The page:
The Energy Consumer's Bulletin- a New England energy news blog

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Rhode Islanders:  National Grid is still your utility, at least for now.

On Friday, Superior Court Judge Brian Stern put a pause on PPL's purchase of Rhode Island's electric and gas utility from National Grid. This pause is temporary and will allow for the judge to hear the Attorney General's case on why the Division of Public Utilities and Carriers misunderstood the laws that govern this transaction. Specifically, the judge said that since the Division failed to take into account either potential ratepayer or climate change impacts of the sale, the Attorney General is likely to succeed in its appeal. Additionally, the judge determined that if he let the sale close prior to the appeal being done, there would be no reasonable way to undo the transaction, so it must be paused until he can finish a full review of the case.

In the new decision, the superior court judge says that the Hearing Officer’s logic in this definition of “public interest” was faulty and contradictory. We agree. 

There will be a hearing on April 12th in Providence as the Attorney General, PPL, and National Grid get to present their case. Green Energy Consumers Alliance has already filed its friend of the court brief highlighting how critical it is to hold the Division to its obligation under the Act on Climate to consider the climate impacts of the transaction.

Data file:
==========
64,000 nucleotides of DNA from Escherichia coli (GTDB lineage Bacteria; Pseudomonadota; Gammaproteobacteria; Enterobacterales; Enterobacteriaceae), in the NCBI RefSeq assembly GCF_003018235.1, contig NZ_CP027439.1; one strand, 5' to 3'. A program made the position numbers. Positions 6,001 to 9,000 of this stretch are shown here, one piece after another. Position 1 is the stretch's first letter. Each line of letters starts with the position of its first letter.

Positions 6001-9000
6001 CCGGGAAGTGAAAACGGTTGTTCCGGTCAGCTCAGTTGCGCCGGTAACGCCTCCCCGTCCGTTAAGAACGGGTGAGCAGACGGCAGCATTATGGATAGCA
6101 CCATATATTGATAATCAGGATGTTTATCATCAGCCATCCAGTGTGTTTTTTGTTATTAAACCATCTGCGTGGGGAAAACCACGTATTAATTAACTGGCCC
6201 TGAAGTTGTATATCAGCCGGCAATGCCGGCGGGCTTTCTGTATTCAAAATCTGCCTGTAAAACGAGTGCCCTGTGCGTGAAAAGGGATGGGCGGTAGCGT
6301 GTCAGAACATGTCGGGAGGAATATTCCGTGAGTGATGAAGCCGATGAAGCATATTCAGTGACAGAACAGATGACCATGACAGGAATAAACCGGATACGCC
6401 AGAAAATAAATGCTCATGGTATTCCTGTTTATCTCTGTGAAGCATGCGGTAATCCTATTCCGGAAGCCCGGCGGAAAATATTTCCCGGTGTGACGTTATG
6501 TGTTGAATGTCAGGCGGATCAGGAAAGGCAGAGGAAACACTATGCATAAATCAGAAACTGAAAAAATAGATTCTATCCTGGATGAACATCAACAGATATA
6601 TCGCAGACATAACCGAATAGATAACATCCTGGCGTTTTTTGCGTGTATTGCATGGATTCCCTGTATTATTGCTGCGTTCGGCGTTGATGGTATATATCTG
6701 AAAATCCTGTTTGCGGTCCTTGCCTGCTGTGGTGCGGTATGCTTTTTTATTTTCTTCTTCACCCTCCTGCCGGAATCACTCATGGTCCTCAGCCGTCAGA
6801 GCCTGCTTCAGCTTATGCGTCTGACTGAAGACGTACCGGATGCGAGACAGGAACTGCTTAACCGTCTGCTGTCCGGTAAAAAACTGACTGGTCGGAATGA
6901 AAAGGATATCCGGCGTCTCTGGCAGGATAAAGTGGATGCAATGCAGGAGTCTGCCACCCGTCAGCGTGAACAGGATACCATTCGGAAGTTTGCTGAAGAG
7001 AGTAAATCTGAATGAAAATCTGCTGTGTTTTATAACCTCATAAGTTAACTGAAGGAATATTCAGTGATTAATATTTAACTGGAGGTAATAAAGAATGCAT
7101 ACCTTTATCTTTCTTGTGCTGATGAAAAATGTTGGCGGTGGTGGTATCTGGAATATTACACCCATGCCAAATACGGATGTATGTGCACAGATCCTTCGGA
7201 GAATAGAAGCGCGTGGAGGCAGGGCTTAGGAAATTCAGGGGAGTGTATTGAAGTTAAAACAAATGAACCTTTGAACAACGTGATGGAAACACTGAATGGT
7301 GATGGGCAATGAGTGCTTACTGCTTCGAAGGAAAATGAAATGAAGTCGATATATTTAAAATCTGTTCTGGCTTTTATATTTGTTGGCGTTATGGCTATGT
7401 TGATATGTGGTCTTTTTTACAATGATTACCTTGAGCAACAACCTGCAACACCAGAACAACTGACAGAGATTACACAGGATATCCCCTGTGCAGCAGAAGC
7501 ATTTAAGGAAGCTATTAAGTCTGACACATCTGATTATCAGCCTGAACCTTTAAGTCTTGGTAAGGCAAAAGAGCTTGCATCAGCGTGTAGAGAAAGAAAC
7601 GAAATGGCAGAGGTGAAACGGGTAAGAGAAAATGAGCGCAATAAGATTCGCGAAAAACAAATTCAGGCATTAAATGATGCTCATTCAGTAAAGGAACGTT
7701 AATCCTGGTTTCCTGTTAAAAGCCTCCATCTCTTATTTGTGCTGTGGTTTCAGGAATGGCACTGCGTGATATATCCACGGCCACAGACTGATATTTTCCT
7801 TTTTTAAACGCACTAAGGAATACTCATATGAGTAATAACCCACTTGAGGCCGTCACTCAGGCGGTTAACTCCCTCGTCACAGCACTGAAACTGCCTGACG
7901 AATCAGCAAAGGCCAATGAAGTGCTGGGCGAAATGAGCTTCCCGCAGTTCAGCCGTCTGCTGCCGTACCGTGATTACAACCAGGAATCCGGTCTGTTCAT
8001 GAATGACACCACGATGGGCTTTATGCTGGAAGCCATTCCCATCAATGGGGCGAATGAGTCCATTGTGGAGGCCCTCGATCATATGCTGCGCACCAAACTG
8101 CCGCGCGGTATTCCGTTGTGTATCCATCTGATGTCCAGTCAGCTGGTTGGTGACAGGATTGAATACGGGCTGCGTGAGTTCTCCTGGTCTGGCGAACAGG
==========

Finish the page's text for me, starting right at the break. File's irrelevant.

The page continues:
The US's first offshore wind farm is currently offline; here's why -  Electrek

In past blogs and in our intervention in the Division case, we made the case that the Division’s review of the transaction’s impact on the “public interest” must include environmental and climate impacts. We further stated—and the Division initially seemed to agree—that it should consider the sale’s impact on ratepayer clean energy programs, like energy efficiency and offshore wind. In the February order approving the sale, the Division said that it didn’t need to consider climate impacts as part of the public interest. The Division also said that the Rhode Island Executive Climate Change Coordinating Council and the Public Utilities Commission had jurisdiction over climate programs and rates, respectively.  In our view, and apparently Judge Stern’s, the hearing officer failed to understand the relevance of the Act on Climate.  

Further coverage of Judge Stern’s decision is here.